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Shop-built bandsaw sawmill #2: first welds and preparing the threaded rods - July 2016

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Blog entry by Sodabowski posted 06-30-2017 08:45 PM 2450 reads 0 times favorited 5 comments Add to Favorites Watch
« Part 1: the plan Part 2 of Shop-built bandsaw sawmill series Part 3: mobile frame all welded up! - July-August 2017 »

Well for the first welds sorry, I forgot to take pictures. Long story short, I started by welding the two sides of the cutting head, those that will receive the threaded nuts for the blade height adjustment.

After carefully stick-welding the nuts, some proper cleaning was in order, since the penetration is so high with stick-welding. By the way, I used 6061 rutile electrodes, which gave nice control and results, with little slag to remove.

After that, I re-threaded the nuts to ensure a fluid movement without any risk of binding. I first used the hand wrench to clean up the taps and then ran the second tap several times with the drill to really make sure the excess was gone:

Next was doing the same thing with the threaded rods, since stock hardware is by no means designed for such applications. So to remove all the burs and irregularities from my threaded rods, I ran them with power across the M10 die, with lots of WD40. The amount of metal that I removed was higher than I expected, but the results worth the trouble:



Then a good cleaning was in order, first with a paper towel to remove the bulk of the chips, and then with a wire brush to get rid of everything:



And here’s the result: the upper rod is freshly re-threaded, the second one is still in its rough form, quite a difference : the thread is narrower but most importantly the surface finish is way better:

Crappy die:


The fit between the threaded rod and nuts is great, with little play and no binding whatsoever. SO I can move on to the next step, probably one of the most important ones: welding up the cutting head, ensuring absolute squareness of every joint and parallelism of the two sides. Quick-slap jig over a particleboard, welding magnets, and that’s the cutting head assembly taking shape:

This is how I left it, I couldn’t get back to it on the following holidays because there was SOOO MUCH to be done in the garden and in the bedroom. Next step will be to build the sides of the carriage onto which this part will be attached by the threaded rods, probably with casters too if there is too much sideways shake.

Nothing to call home about for now, but you gotta take the first step, right?

-- Thomas - Pondering the inclusion of woodworking into physics and chemistry classes...



5 comments so far

View shipwright's profile

shipwright

7737 posts in 2608 days


#1 posted 07-01-2017 05:46 AM

I’ll be watching. Looks pretty interesting. Enjoy your summer break Thomas.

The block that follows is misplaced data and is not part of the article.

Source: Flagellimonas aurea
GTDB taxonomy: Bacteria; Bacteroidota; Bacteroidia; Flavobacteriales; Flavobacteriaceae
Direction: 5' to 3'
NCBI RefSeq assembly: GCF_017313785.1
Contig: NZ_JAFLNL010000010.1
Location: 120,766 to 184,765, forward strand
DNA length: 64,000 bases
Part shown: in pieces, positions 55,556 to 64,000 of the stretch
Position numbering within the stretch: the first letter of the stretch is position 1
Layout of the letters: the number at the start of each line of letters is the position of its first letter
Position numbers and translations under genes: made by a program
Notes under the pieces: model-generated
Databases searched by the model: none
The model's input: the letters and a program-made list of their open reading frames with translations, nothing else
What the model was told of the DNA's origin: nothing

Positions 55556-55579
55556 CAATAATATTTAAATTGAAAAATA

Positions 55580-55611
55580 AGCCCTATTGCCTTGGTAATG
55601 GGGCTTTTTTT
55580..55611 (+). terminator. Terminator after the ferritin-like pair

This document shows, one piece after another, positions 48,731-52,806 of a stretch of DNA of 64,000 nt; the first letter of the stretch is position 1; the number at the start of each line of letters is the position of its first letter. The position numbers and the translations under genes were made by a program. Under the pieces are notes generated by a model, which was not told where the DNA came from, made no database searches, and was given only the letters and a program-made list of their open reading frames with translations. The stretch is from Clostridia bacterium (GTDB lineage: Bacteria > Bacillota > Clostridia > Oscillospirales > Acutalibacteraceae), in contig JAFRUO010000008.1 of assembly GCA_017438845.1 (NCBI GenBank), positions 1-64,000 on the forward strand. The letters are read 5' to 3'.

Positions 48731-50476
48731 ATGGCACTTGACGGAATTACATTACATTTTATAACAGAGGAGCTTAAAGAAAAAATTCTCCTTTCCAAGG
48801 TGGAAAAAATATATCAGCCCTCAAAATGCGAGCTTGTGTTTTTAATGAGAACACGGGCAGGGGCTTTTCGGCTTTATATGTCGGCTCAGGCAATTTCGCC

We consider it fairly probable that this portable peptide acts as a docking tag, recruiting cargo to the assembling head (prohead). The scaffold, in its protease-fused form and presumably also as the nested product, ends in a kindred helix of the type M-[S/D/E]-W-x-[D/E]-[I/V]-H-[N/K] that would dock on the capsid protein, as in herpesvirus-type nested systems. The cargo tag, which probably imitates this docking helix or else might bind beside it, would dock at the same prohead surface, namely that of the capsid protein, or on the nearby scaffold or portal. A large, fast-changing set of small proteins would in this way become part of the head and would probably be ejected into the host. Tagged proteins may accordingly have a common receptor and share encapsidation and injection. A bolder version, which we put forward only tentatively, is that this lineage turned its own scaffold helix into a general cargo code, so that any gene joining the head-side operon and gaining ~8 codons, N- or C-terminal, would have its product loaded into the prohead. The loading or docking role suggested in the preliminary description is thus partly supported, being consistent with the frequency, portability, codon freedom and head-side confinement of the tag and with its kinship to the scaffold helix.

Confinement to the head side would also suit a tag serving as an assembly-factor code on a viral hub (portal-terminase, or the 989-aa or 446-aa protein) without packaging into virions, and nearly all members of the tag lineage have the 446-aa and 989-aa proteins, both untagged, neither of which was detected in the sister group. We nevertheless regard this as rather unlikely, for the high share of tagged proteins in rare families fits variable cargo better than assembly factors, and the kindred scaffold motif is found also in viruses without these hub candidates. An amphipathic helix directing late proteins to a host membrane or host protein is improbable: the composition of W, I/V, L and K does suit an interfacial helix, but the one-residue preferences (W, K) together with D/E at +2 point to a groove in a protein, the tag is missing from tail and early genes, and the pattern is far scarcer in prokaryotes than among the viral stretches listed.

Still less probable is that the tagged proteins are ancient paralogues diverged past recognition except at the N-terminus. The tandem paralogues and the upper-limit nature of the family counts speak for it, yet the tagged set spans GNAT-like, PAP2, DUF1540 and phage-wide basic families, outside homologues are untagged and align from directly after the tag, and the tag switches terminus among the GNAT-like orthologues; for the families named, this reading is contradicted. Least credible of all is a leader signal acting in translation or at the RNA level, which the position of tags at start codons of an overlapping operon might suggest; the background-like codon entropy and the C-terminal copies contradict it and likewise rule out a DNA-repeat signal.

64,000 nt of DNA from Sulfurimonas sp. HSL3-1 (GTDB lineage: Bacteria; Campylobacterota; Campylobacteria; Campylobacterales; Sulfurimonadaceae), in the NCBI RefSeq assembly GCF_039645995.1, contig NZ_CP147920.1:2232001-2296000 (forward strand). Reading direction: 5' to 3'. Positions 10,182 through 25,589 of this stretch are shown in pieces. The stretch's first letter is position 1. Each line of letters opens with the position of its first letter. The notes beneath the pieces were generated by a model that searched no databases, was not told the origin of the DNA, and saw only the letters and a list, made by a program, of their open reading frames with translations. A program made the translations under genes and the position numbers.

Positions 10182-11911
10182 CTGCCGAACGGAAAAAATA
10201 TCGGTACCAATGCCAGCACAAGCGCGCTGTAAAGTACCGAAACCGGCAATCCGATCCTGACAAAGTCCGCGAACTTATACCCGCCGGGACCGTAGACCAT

-- Paul M ..............If God wanted us to have fiberglass boats he would have given us fibreglass trees. http://thecanadianschooloffrenchmarquetry.com/

View Porchfish's profile

Porchfish

801 posts in 2342 days


#2 posted 07-01-2017 02:17 PM

If god wanted us to have particle board furniture, he would have given us trees that smelled of formaldehyde and made us all sick !

I really like what you are doing. Keep posting your progress goodon’ya (couldn’t continue to pass on the fiberglass v particleboard thingie …ha ha ) Don S.

-- The pig caught under the fence is always the one doing all the squealing !

View Schwieb's profile

Schwieb

1836 posts in 3271 days


#3 posted 07-02-2017 10:00 PM

I’m watching with interest. I’m so impressed that a physicist is interested in the real world troubles of making things work. I was trained as an engineer but always understood that ideas have to turn into actually make-able products. That you know how to stick weld is pretty impressive to me. I learned that method a long time ago and won several county and state fair prizes for my efforts but I am trying to master the wire welding these days. Forever the guy that just likes to make things.

-- Dr. Ken, Florida - Durch harte arbeit werden Träume wahr.

View Sodabowski's profile

Sodabowski

2355 posts in 2643 days


#4 posted 07-06-2017 07:53 PM

I can relate to that Ken!

-- Thomas - Pondering the inclusion of woodworking into physics and chemistry classes...

View mafe's profile

mafe

11623 posts in 2899 days


#5 posted 07-10-2017 09:23 AM

How wonderful Thomas.
Invention is the mother of need… or…
Ok, just love for making things.
I usually say: ‘the result!, who cares!, the important is the process, the path wandered in deep focus and with imagination opening new doors’,
I use a angel grinder a lot when I weld. ;-)
Nice to see you my friend.
Best thoughts,
Mads

-- MAD F, the fanatical rhykenologist and vintage architect. Democraticwoodworking.

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